1. This site uses cookies. By continuing to use this site, you are agreeing to our use of cookies. Learn More.

Nikon D5300 Tripod, suggestions?

Discussion in 'General Equipment Chat & Advice' started by Ethanace, Apr 11, 2014.

  1. PeteRob

    PeteRob Well-Known Member

    That's a good idea. I found my monopod easier to use with the adition of a simple Manfrotto tilting head.
     
  2. nimbus

    nimbus Well-Known Member

    ^ I certainly use a monopod far more than a tripod, alright ultimately it has exposure time limitations, but where that is not an issue they have a number of advantages.
     
  3. Roger Hicks

    Roger Hicks Well-Known Member

    And I certainly use a tripod vastly more than I use a monopod -- as, I suspect, most people do. When I say "vastly" I'd guess at a minimum of 10,000 times more. A tripod with all three legs pushed together can be used as a monopod; a monopod is... a monopod.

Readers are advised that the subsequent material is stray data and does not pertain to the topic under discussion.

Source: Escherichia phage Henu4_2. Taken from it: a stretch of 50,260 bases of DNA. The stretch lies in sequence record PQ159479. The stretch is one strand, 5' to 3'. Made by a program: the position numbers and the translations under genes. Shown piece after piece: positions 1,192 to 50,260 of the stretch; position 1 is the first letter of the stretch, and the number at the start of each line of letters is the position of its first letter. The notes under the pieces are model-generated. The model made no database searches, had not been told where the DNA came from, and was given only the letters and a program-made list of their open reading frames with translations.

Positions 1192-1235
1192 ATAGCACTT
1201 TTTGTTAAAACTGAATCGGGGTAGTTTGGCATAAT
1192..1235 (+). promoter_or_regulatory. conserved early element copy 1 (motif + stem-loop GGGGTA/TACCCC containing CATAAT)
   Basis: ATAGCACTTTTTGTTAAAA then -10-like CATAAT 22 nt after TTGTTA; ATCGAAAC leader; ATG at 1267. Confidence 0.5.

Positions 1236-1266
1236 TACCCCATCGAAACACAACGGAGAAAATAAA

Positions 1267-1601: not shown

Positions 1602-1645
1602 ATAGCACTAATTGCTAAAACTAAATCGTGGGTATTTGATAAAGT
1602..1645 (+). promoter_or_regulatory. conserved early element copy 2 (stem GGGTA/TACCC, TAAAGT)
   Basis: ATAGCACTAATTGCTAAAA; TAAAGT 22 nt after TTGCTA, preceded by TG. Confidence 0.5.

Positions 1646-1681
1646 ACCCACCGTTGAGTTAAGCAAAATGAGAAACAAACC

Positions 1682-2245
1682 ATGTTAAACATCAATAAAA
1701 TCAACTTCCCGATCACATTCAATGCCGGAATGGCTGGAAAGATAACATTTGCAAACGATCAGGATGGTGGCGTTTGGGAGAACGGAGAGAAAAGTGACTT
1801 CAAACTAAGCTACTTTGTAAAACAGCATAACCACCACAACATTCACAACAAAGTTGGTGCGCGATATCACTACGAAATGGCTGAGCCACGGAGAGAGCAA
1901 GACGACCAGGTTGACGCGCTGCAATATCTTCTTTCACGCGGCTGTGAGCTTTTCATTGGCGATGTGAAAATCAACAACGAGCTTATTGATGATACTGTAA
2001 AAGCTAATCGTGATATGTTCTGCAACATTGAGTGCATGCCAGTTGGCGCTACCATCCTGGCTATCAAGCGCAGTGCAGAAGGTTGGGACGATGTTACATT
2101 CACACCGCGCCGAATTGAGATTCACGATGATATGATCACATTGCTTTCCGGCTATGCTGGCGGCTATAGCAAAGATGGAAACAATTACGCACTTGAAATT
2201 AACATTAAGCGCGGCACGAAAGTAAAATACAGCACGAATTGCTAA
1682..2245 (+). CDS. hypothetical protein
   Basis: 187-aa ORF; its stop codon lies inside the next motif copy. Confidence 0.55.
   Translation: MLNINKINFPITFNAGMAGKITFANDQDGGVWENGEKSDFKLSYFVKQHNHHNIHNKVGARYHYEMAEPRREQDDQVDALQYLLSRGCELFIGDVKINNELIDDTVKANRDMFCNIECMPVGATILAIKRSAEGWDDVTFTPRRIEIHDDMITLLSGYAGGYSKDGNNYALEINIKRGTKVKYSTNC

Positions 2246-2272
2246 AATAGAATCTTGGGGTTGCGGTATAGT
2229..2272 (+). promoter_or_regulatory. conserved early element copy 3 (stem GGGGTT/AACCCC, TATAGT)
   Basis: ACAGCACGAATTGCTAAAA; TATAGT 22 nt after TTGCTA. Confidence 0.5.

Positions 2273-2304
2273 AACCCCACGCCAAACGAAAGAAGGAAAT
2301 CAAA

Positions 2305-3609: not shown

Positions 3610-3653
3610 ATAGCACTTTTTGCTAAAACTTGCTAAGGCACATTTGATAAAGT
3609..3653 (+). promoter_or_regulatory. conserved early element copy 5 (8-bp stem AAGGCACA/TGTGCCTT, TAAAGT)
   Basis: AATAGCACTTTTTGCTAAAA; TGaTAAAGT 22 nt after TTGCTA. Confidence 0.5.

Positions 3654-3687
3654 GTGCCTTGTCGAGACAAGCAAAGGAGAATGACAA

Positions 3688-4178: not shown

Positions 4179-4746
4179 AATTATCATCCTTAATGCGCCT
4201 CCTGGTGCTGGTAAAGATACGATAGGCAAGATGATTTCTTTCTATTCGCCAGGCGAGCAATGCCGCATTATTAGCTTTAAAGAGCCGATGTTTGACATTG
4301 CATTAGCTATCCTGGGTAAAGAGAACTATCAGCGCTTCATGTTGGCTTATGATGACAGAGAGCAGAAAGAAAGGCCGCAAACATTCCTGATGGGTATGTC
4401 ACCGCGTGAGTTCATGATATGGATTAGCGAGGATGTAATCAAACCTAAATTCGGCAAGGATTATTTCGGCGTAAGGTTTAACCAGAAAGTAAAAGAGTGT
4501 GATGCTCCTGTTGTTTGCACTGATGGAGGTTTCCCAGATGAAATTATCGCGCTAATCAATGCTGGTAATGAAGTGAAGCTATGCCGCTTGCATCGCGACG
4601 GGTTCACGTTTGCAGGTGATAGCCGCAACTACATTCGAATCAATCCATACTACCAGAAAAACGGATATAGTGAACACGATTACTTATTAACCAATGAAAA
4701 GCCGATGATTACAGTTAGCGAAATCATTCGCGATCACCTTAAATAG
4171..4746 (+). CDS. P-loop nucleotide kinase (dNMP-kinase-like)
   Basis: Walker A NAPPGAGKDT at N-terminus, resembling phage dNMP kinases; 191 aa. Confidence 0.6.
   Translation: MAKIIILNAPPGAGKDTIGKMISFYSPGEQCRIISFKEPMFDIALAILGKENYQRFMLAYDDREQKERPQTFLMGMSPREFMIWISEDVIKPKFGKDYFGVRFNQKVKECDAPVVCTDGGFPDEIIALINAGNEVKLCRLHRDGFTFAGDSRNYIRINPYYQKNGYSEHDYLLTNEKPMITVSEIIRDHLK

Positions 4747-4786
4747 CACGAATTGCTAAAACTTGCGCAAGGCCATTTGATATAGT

Cheers,

    R.
     
  4. ChrisNewman

    ChrisNewman Well-Known Member

    I’m with Roger Hicks on this. I’m a keen walker, and have decided that if I ever want a walking pole, or pair of them, I’ll make sure it’s fitted with a tripod socket. But so far my balance and knees seem good enough to manage without poles, which I would find an encumbrance for holding my camera, or just stopping it swinging about on its strap, and I worry that I might trip over a pole!

    I have a decent carbon fibre tripod (it cost more than $200, and sadly is no longer available) that can be converted into a monopod. I also have the use of an aluminium monopod my son got cheap at an exhibition. I hardly ever use either as a monopod for photography - I find one too slow and clumsy for butterflies, etc, and a tripod better for static subjects. I sometimes take my son’s monopod when walking in summer in shorts, but that’s mainly for bashing down the nettles!

    For anyone who thinks they would like a monopod, my advice would be that a cheap one will probably be satisfactory - being a single pole, my son’s aluminium one weighs very little, and rigidity is far less of a problem than with a tripod. The only limitation with my son’s, as sold, was a device to fix the camera at angles other than 90° - I add a ball head whenever I carry it.


    Chris
     

Share This Page